Part 3 - 3/4
Working and Tasks
Working and Tasks
Next, let’s jump into the tasks and apps of Gnome and Ubuntu. I also did not expect what I experienced, I was surprised and sometimes disappointed. Sure, the 17.10 release is not a main release, but I don’t think that most of the results will change to the 18.04 LTS release.
And of course there are a lot of working pieces, but we know, I have to focus on what’s not working well.
I like the files manager in Gnome. It is simple, clean and just works. There will be space for improvements, for now it’s good. But I could not get Google Drive integration to work… like never… Maybe because of the VM. Preview (description in the Help/Guide) via space bar is not working. Also I could not find out what the arrows on the top, beside the folders do – not the back/forward buttons. Only (confusing) design? And where are the tabs?
That was a little weird. I like the look of the “Photos” app, but I don’t like the way it organizes my pictures. Maybe just because it is more logical to have albums sorted by folders, when at the same time you have a tab named “Photos” where the pictures are shown by date. Also, it is a little weird, that it just shows every picture from everywhere. Here it shows my Google Photos pictures (still can’t reach Drive via Files). But the biggest fault is when you open a photo from “Files”.
This is a nice and clean viewer, but why is there no connection to the photo app? Even the click on “open with” just gives me Firefox (what?) and “Image Magick” – which should be hidden to every ordinary user out there… As a user I wanna open my photos, want to show it as a gallery and it should be easy and fast to make basic changes – like in every other operating system. And the photos app is able to do all of that – but not to view my picture fast from the files explorer. But Shotwell can. And is also there. So my question is: What??
Who will ever find a way through this?
Rhythmbox is quite useful and good for having an overview of your music, but it is a little confusing, when closing the app and the music still runs in the background. Then there is no quick way closing the music in the info panel. And: Should it maybe named “Music”? And yes, there it is – “Music” – beside Rhythmbox in Gnome. I understand why there are two of them – because the Gnome Music player is not good enough for now. But good enough to confuse people what to use. Decide!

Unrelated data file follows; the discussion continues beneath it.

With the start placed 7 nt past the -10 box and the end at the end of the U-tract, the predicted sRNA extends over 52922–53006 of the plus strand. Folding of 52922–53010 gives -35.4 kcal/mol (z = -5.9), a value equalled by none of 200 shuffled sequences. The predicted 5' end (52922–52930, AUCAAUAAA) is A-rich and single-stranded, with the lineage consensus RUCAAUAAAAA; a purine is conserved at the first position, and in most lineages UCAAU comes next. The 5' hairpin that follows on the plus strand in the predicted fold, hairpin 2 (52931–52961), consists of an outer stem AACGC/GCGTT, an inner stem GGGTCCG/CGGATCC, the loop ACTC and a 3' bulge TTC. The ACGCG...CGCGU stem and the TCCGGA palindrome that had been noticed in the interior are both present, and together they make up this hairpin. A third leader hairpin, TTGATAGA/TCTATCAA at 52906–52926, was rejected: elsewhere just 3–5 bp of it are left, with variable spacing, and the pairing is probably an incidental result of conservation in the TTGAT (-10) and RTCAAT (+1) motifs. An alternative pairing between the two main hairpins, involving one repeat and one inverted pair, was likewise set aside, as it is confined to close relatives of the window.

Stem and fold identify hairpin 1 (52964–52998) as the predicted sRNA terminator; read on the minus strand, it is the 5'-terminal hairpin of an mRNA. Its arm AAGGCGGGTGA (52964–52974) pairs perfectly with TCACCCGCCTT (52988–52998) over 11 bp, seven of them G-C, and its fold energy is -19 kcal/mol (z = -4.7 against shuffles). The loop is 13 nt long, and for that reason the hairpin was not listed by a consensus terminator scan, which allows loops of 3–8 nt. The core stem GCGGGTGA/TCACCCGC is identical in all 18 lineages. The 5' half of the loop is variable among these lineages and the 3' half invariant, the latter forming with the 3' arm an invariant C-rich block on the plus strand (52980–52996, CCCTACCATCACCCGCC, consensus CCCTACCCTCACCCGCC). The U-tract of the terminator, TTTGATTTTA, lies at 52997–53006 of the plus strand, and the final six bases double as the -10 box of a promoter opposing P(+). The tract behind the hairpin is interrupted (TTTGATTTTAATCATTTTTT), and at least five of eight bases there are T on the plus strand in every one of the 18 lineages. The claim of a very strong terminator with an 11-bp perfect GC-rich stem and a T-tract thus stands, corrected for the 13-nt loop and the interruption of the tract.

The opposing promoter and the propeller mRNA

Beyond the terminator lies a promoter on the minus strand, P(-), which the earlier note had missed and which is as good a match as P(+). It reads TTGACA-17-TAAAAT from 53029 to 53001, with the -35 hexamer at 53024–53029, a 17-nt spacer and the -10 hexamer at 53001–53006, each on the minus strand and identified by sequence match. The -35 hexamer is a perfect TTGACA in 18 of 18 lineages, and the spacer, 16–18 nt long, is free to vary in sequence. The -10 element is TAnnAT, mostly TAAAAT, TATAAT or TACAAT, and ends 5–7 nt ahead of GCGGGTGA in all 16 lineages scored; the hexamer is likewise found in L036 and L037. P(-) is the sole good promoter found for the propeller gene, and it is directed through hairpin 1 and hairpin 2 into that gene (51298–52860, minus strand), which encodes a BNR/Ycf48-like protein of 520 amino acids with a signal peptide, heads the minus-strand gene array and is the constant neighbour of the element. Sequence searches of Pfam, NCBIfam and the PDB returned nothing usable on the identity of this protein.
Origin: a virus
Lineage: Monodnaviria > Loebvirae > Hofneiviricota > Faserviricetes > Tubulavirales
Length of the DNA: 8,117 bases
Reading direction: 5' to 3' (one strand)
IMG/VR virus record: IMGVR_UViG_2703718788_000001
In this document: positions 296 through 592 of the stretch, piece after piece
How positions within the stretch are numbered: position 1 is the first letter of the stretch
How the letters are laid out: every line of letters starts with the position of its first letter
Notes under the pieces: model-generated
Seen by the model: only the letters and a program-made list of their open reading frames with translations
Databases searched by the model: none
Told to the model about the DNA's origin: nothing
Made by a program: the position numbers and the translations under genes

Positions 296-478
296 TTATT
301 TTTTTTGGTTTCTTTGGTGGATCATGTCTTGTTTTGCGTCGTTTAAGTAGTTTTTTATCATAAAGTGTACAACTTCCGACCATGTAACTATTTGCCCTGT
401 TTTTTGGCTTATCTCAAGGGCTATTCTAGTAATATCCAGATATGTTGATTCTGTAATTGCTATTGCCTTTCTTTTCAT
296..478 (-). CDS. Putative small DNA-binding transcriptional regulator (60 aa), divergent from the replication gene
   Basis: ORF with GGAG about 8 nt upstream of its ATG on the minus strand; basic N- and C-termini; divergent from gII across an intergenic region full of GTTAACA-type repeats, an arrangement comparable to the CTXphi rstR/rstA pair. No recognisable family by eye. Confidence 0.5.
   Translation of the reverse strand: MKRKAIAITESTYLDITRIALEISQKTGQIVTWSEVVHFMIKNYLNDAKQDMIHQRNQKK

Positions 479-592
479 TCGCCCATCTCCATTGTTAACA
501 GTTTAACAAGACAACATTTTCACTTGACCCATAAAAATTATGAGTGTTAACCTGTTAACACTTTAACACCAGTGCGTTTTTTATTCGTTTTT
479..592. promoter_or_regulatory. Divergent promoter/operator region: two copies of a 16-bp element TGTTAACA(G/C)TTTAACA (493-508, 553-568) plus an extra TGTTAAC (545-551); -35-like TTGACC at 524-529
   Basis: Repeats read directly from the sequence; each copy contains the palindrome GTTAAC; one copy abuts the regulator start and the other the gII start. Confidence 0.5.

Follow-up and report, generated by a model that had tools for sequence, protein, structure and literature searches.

“Videos” or “Totem” would not play a video or music in the VirtualBox. By the way, “Totem” is not a nice name. Includes the German word “Tot” which means death, if you should wonder why. Also, when you have to kill the app (I had to do this a few times in the VM) it shows not the app name “Video”, it shows “Totem”. Maybe it should be a kind of media player, named after what it is playing. Music or video, but on a same base like Totem.
Seems to work fine, also synchronizing with Google. More configuration would be nice in the future. Scrolling with the mouse wheel in months overview is a little weird. Maybe combine the “manage your calendar” and the “settings” (burger menu) button? Especially because in the “manage your calendar” button there are the calendar settings, which should be in the “settings” menu…
Quite good app, also synchronized with Google Contacts. Hung up on me when it tried to show the map of the location. More than once. Could not include a note to a contact, but syncs notes at least from Google. Not sure if everything works with the sync… And: The app is not present in Ubuntu. Why? Maybe it is too useful… Maybe they don’t want to make business users’ lives easier.
The “Help” app in Gnome is quite useful, hope they will keep it up to date and also adopt it nice for the new Ubuntu. And: Please get rid of the ugly lifebelt symbol, it’s also irritating and the common symbol is a (blue) question mark. Like in Ubuntu.
Software & Ubuntu Software
It was a good choice to switch to the Gnome Software Center, but it still needs a lot of work. Like finding a nicer way to show apps in detail, making a better overview/categories at start, how to show pictures in a better way and separate user and power-user apps – ordinary users don’t need to install “Gnome Packages” or a different terminal app. Also at this time – why are you hiding the “Education” category on the start screen? But there are a lot of good working app stores to learn from (also Linux based). After that, it would be useful filling the store with good/helpful descriptions and pictures.
Everything I need, it is just kind of ugly and the Ubuntu version has a bad overview somehow… the contrast between the buttons may be too low. I recommend a whole updated redesign.